Harry Potter-style invisibility cloaks to improve solar cell efficiency?

Image credit: http://harrypotter.wikia.com/wiki/Cloak_of_Invisibility

Image credit: http://harrypotter.wikia.com/wiki/Cloak_of_Invisibility

In a development that will bring a smile to the faces of Harry Potter fans, researchers at the Karlsruhe Institute of Technology (KIT) announced this week the success of using invisibility cloaks to improve solar cell efficiency.

While the technology sounds very J. K. Rowling, the benefits of invisibility cloaks for solar cell efficiency — or at least technology that acts very much like invisibility cloaks — are very real.

The breakthrough lies in the fact that solar panels use contact “fingers” — grids and lines that move the electrical current away from the solar cells. Because these points account for around a tenth of the surface of the solar panel, the result is this area is unavailable to harvest energy from the sun. You can see them on a solar cell here:

solar cell with silver fingers

The vertical and horizontal fingers can make up to 10% of the surface area of a solar cell.

According to study author Martin Schuman:

“Our model experiments have shown that the cloak layer makes the contact fingers nearly completely invisible.”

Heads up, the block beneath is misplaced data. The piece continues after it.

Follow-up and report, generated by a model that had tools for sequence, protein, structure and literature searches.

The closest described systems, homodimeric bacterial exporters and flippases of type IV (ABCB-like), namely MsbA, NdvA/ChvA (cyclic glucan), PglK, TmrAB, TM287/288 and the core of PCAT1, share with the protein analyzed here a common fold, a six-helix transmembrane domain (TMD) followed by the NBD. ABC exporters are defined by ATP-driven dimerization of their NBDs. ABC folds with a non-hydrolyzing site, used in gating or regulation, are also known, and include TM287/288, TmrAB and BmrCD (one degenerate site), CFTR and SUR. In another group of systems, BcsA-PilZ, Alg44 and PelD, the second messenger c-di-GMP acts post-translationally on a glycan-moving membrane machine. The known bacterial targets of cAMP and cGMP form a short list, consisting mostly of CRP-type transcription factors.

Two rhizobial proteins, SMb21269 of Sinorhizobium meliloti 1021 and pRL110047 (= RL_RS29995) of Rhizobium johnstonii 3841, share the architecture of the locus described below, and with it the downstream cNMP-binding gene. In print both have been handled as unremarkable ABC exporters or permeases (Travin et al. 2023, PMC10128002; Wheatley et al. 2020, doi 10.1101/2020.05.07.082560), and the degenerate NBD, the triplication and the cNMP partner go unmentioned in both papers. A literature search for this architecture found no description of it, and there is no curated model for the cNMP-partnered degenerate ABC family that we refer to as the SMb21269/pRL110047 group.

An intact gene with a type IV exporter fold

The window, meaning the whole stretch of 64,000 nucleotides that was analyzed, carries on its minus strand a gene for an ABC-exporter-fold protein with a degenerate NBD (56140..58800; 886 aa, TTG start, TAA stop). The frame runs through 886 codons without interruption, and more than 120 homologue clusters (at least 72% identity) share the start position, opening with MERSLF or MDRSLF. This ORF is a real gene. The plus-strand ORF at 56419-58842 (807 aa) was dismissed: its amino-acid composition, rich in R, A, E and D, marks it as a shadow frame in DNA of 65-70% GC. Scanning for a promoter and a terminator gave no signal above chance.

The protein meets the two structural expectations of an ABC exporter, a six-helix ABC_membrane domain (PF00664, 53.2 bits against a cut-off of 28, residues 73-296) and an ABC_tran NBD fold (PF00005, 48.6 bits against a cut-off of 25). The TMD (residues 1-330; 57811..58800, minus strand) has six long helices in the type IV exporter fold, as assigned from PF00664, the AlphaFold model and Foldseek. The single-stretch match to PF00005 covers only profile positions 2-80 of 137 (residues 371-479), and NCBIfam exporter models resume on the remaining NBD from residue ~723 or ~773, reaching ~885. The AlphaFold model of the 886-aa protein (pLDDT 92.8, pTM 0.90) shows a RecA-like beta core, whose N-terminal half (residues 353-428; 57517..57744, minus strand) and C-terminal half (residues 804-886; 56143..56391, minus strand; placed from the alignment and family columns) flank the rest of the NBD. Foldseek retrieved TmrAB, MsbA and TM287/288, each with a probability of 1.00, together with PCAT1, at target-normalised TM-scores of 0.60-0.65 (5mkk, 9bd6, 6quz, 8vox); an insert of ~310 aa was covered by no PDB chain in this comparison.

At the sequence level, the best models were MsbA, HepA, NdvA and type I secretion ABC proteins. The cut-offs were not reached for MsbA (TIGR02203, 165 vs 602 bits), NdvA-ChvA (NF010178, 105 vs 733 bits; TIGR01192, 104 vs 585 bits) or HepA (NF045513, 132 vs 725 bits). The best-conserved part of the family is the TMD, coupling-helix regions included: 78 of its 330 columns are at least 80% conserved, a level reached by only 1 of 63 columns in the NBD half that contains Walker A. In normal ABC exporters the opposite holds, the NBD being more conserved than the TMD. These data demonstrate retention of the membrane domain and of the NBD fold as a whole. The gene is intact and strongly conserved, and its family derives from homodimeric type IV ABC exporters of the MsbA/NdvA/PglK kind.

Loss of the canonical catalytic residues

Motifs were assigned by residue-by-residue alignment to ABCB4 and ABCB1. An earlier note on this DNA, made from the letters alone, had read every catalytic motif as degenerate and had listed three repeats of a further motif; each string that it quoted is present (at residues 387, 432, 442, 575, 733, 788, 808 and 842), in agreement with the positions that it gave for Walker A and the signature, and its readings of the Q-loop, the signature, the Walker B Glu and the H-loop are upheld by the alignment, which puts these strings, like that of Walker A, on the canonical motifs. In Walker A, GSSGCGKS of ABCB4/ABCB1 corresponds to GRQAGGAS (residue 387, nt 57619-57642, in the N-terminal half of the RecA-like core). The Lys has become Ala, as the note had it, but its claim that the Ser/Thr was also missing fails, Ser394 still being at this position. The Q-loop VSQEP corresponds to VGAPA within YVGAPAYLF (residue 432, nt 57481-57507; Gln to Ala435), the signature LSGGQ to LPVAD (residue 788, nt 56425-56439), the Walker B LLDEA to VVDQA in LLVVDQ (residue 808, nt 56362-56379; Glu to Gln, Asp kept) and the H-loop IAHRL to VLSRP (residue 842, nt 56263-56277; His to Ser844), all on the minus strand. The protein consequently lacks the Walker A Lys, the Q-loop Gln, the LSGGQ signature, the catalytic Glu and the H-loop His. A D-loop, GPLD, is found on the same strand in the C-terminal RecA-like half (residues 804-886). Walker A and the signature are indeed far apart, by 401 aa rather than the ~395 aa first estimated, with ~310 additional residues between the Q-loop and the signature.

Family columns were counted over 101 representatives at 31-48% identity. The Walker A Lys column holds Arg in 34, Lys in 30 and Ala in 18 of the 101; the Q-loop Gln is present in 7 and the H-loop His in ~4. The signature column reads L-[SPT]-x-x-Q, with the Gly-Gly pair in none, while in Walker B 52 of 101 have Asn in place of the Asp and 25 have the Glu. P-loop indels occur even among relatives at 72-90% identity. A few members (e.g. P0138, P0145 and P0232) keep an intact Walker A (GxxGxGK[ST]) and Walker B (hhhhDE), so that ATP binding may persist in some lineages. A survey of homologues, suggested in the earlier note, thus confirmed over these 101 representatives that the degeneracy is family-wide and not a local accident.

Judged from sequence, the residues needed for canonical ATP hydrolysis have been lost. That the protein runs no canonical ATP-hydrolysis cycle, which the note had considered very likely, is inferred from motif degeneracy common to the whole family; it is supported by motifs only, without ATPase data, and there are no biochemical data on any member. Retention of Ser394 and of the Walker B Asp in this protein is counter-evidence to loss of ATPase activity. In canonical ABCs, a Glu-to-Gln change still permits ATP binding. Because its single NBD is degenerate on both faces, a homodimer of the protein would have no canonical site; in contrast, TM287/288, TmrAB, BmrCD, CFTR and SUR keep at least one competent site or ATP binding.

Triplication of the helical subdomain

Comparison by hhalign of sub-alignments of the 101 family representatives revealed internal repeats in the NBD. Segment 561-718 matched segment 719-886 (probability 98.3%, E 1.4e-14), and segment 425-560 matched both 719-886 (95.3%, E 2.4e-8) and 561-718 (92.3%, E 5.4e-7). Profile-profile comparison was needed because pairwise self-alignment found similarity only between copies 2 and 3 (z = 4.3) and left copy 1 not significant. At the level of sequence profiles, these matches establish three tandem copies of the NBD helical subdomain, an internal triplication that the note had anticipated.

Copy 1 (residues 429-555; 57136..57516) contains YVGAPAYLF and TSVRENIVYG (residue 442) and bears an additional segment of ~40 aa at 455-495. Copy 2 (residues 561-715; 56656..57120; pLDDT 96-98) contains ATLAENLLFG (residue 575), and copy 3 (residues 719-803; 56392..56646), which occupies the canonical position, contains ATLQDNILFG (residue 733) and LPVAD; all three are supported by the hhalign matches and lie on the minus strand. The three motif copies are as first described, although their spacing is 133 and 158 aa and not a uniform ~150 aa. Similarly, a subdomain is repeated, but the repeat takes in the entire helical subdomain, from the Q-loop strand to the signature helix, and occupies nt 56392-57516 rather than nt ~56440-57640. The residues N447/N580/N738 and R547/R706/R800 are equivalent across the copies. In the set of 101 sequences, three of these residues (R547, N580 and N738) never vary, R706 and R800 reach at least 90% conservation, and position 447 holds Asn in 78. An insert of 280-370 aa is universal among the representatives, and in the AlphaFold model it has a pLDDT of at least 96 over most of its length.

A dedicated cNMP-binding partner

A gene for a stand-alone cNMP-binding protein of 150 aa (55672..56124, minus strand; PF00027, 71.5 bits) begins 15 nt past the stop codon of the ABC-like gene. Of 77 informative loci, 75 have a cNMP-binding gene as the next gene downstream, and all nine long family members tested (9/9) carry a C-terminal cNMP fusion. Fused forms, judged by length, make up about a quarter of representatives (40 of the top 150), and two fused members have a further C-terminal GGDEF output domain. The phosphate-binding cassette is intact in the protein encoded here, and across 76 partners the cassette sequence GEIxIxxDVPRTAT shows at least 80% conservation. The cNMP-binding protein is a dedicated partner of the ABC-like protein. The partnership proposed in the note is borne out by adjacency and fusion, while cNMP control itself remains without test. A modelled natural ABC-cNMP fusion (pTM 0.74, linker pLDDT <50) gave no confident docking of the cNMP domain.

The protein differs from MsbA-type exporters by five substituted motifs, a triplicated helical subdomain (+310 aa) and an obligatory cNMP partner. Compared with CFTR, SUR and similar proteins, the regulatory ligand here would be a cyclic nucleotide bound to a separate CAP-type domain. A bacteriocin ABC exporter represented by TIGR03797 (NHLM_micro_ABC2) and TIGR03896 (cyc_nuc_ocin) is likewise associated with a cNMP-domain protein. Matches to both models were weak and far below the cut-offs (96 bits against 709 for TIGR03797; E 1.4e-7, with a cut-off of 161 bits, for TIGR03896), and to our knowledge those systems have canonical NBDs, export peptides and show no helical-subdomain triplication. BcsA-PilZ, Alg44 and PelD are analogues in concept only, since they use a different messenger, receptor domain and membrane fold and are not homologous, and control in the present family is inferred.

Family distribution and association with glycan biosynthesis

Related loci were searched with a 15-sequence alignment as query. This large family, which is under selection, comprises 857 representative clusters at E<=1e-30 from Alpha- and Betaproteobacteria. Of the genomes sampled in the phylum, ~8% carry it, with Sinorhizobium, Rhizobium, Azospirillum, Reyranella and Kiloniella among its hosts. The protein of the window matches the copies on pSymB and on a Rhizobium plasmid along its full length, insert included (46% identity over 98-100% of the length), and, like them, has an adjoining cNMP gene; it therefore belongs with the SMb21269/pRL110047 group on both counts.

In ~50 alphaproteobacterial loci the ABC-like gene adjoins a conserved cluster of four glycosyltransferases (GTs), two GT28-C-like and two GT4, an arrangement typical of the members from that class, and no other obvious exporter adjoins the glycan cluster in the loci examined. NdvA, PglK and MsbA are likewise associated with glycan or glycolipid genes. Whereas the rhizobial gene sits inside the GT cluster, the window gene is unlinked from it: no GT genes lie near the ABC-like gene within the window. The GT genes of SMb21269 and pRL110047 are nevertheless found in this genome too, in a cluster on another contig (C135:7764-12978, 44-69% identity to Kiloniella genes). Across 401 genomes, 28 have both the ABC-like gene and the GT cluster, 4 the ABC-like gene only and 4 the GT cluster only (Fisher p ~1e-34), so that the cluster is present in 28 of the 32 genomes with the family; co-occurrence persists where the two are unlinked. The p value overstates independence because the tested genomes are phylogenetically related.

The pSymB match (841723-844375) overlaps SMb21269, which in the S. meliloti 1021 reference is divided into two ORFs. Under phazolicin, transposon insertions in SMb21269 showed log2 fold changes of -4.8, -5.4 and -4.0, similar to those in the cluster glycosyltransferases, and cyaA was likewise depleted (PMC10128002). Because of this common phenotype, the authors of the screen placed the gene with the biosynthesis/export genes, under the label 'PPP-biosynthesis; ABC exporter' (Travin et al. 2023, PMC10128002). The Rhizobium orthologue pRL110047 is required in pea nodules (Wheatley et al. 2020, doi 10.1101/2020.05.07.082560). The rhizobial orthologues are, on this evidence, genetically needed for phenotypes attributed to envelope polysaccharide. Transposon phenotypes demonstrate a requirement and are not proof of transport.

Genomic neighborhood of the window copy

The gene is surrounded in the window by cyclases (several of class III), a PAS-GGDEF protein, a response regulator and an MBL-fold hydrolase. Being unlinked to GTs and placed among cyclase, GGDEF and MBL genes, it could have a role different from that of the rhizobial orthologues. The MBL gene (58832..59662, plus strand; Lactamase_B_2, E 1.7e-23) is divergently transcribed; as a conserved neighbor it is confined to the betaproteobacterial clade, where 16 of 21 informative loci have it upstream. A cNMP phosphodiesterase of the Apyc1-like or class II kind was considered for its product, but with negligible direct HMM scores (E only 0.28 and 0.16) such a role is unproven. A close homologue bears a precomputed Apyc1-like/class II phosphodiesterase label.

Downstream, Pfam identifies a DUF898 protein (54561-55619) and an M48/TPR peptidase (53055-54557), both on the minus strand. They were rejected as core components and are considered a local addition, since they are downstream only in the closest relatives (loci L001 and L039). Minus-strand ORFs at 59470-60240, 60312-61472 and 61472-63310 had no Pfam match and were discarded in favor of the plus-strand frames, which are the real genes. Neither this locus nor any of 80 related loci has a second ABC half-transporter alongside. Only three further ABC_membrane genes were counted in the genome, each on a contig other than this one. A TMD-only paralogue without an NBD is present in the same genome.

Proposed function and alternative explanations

The “invisibility cloak” modelled by researchers at Karlsruhe, acts to maximise the area covered by the contact fingers, guiding the light around them so they can be absorbed by the solar cells that surround them. Rather than Hogwarts-inspired magic though, the cloak is a sophisticated polymer-based coating, designed on an advanced laser printer, that bends the light to a specific area.

The gain in efficiency is impressive.

“When applying such a coating onto a real solar cell, optical losses via the contact fingers are supposed to be reduced and efficiency is assumed to be increased by up to 10%, added Schumann.

This is potentially a major breakthrough in improvement in solar panel efficiency as light that falls on the contact fingers is not lost. With only an estimated one fifth of the sun’s light being converted into electricity in today’s typical solar panels, the Karlsruhe-developed technology will improve solar cell efficiency by creating more area for the sunlight to fall and be harvested as solar energy.

Invisibility cloaks to improve solar cell efficiency? What next, the Hogwarts School of Photovoltaic Wizardry? I’m sure J. K. Rowling would be proud.


  1. So, would that mean panel efficiency increasing from about 20% to about 30%? Or from 20% to about 22%.

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